Effect of Homocysteine-lowering Treatment with Folic Acid and B Vitamins on Risk of Type 2 Diabetes in Women: A Randomized, Controlled Trial

Yiqing Song; Nancy R. Cook; Christine M. Albert; Martin Van Denburgh; JoAnn E. Manson

Disclosures

Diabetes. 2009;58(8):1921-1928. 

In This Article

Abstract and Introduction

Abstract

Objective Homocysteinemia may play an etiologic role in the pathogenesis of type 2 diabetes by promoting oxidative stress, systemic inflammation, and endothelial dysfunction. We investigated whether homocysteine-lowering treatment by B vitamin supplementation prevents the risk of type 2 diabetes.
Research design and methods The Women's Antioxidant and Folic Acid Cardiovascular Study (WAFACS), a randomized, double-blind, placebo-controlled trial of 5,442 female health professionals aged ≥40 years with a history of cardiovascular disease (CVD) or three or more CVD risk factors, included 4,252 women free of diabetes at baseline. Participants were randomly assigned to either an active treatment group (daily intake of a combination pill of 2.5 mg folic acid, 50 mg vitamin B6, and 1 mg vitamin B12) or to the placebo group.
Results During a median follow-up of 7.3 years, 504 women had an incident diagnosis of type 2 diabetes. Overall, there was no significant difference between the active treatment group and the placebo group in diabetes risk (relative risk 0.94 [95% CI 0.79–1.11]; P = 0.46), despite significant lowering of homocysteine levels. Also, there was no evidence for effect modifications by baseline intakes of dietary folate, vitamin B6, and vitamin B12. In a sensitivity analysis, the null result remained for women compliant with their study pills (0.92 [0.76–1.10]; P = 0.36).
Conclusions Lowering homocysteine levels by daily supplementation with folic acid and vitamins B6 and B12 did not reduce the risk of developing type 2 diabetes among women at high risk for CVD.

Introduction

Homocysteinemia may promote insulin resistance and β-cell dysfunction through its adverse metabolic effects, ultimately contributing to the pathogenesis of type 2 diabetes and associated complications.[1–3] Several lines of evidence from both in vitro and in vivo studies support this hypothesis. First, homocysteinemia directly elicits oxidative stress by increasing reactive oxygen species production and diminishing intracellular antioxidant defense.[2] Experimental studies have suggested that oxidative stress interferes with insulin signaling and impairs pancreatic β-cell insulin secretion,[4,5] thereby accelerating the progression from insulin resistance to overt type 2 diabetes. Second, elevated levels of homocysteine promote systemic inflammation via the activation of a cascade of inflammatory pathways including interleukin-6, tumor necrosis factor-α, and adhesion molecules.[3] Low-grade chronic inflammation, as reflected by elevated circulating levels of inflammatory cytokines, may promote insulin resistance in liver, skeletal muscle, and vascular endothelium.[6,7] Last, homocysteine can exert its damaging effects on the endothelium through mechanisms involving impaired nitric oxide (NO)-dependent vasodilation, endothelial toxicity and injury, oxidative stress, and systemic inflammation.[2,8] The resultant endothelial dysfunction, especially in the capillary and arteriolar endothelium, can reduce insulin delivery to insulin-sensitive peripheral tissues, which in turn impairs insulin-mediated glucose metabolism.[9–11] Collectively, we speculate that elevated homocysteine levels may play an etiologic role in the development of insulin resistance and type 2 diabetes primarily by promoting oxidative stress, systemic inflammation, and endothelial dysfunction.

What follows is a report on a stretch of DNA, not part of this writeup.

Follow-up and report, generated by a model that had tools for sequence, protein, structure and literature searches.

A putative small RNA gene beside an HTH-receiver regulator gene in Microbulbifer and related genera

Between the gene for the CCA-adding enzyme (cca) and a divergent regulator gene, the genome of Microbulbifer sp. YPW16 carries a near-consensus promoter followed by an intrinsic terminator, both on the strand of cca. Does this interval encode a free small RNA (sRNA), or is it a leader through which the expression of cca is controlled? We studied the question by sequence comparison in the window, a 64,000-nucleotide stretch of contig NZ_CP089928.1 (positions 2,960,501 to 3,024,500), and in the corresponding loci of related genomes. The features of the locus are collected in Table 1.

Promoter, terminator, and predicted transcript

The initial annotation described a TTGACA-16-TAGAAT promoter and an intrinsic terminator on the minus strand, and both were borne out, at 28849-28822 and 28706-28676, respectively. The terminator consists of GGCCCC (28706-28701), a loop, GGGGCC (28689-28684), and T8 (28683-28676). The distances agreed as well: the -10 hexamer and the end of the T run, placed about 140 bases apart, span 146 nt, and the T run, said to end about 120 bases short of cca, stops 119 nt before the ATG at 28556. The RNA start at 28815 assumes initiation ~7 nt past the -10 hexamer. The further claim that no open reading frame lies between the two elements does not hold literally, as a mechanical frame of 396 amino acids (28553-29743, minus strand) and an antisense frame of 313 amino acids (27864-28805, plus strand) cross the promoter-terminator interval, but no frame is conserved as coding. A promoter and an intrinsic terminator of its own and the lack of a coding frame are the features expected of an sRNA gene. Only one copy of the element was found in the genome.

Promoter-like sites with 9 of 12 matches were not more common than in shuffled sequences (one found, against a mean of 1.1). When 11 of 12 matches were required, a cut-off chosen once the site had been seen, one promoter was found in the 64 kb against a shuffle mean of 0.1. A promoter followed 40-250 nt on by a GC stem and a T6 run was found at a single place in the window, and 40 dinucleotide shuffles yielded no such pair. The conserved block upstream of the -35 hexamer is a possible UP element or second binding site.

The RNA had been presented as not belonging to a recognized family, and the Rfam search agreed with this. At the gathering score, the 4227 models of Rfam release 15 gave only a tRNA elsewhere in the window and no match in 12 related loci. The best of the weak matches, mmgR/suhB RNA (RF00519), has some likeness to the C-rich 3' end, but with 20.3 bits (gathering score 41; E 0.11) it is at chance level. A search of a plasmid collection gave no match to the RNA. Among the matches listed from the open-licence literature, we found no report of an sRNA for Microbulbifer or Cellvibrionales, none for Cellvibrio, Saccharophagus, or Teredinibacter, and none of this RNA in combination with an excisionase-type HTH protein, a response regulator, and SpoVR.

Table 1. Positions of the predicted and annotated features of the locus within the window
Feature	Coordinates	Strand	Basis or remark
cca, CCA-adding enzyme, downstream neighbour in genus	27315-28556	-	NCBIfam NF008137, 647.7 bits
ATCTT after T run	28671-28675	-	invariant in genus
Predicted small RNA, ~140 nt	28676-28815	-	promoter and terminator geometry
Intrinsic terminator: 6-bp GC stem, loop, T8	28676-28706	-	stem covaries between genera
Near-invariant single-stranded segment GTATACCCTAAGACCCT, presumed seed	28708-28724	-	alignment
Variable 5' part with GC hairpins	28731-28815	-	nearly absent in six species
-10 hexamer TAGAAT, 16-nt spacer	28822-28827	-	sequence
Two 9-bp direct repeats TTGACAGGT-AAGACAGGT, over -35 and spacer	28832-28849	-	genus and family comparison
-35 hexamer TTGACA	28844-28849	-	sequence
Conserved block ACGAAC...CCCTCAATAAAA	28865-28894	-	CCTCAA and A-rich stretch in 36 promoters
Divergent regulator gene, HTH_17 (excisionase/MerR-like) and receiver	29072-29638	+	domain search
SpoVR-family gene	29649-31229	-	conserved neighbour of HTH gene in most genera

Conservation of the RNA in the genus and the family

Homocysteinemia has been recognized as a vascular risk factor for diabetic angiopathy,[12] whereas few human data are currently available on the relation between homocysteine levels and risk of developing type 2 diabetes. In observational studies, homocysteine levels in nondiabetic individuals have been positively correlated with several biomarkers of insulin resistance and/or glucose intolerance in some[13–15] but not all[16–18] studies. In a 4-year prospective cohort study, elevated levels of homocysteine were independently associated with a 3.6-fold increased risk of type 2 diabetes among 170 women with a history of gestational diabetes mellitus.[19] These observations not only provided suggestive evidence linking elevated levels of homocysteine to the development of type 2 diabetes but also led to the suggestion that lowering homocysteine levels may prevent or reduce risk of type 2 diabetes.

Dietary folic acid and vitamins B6 and B12 are the most important modifiable determinants of homocysteine levels, and adequate intake of B vitamins may be potentially beneficial for prevention of type 2 diabetes in the general population. However, no previous prospective cohort studies have specifically examined intakes of individual B vitamins and diabetes risk. Some small and short-term randomized trials for secondary prevention of diabetes complications have been conducted but yielded inconsistent results; some reported that folic acid supplementation (5–10 mg/day) reduced oxidative stress and improved endothelial function in diabetic patients during a period of 2–12 weeks.[20–23] To the best of our knowledge, there are no previous randomized clinical trials assessing the efficacy of B vitamin supplements for primary prevention of type 2 diabetes. In a large cardiovascular disease (CVD) prevention trial, the Women's Antioxidant and Folic Acid Cardiovascular Study (WAFACS), we specifically examined the homocysteine-lowering effect by daily supplementation with folic acid, vitamin B6, and vitamin B12 on the risk of type 2 diabetes in women at high risk for CVD.

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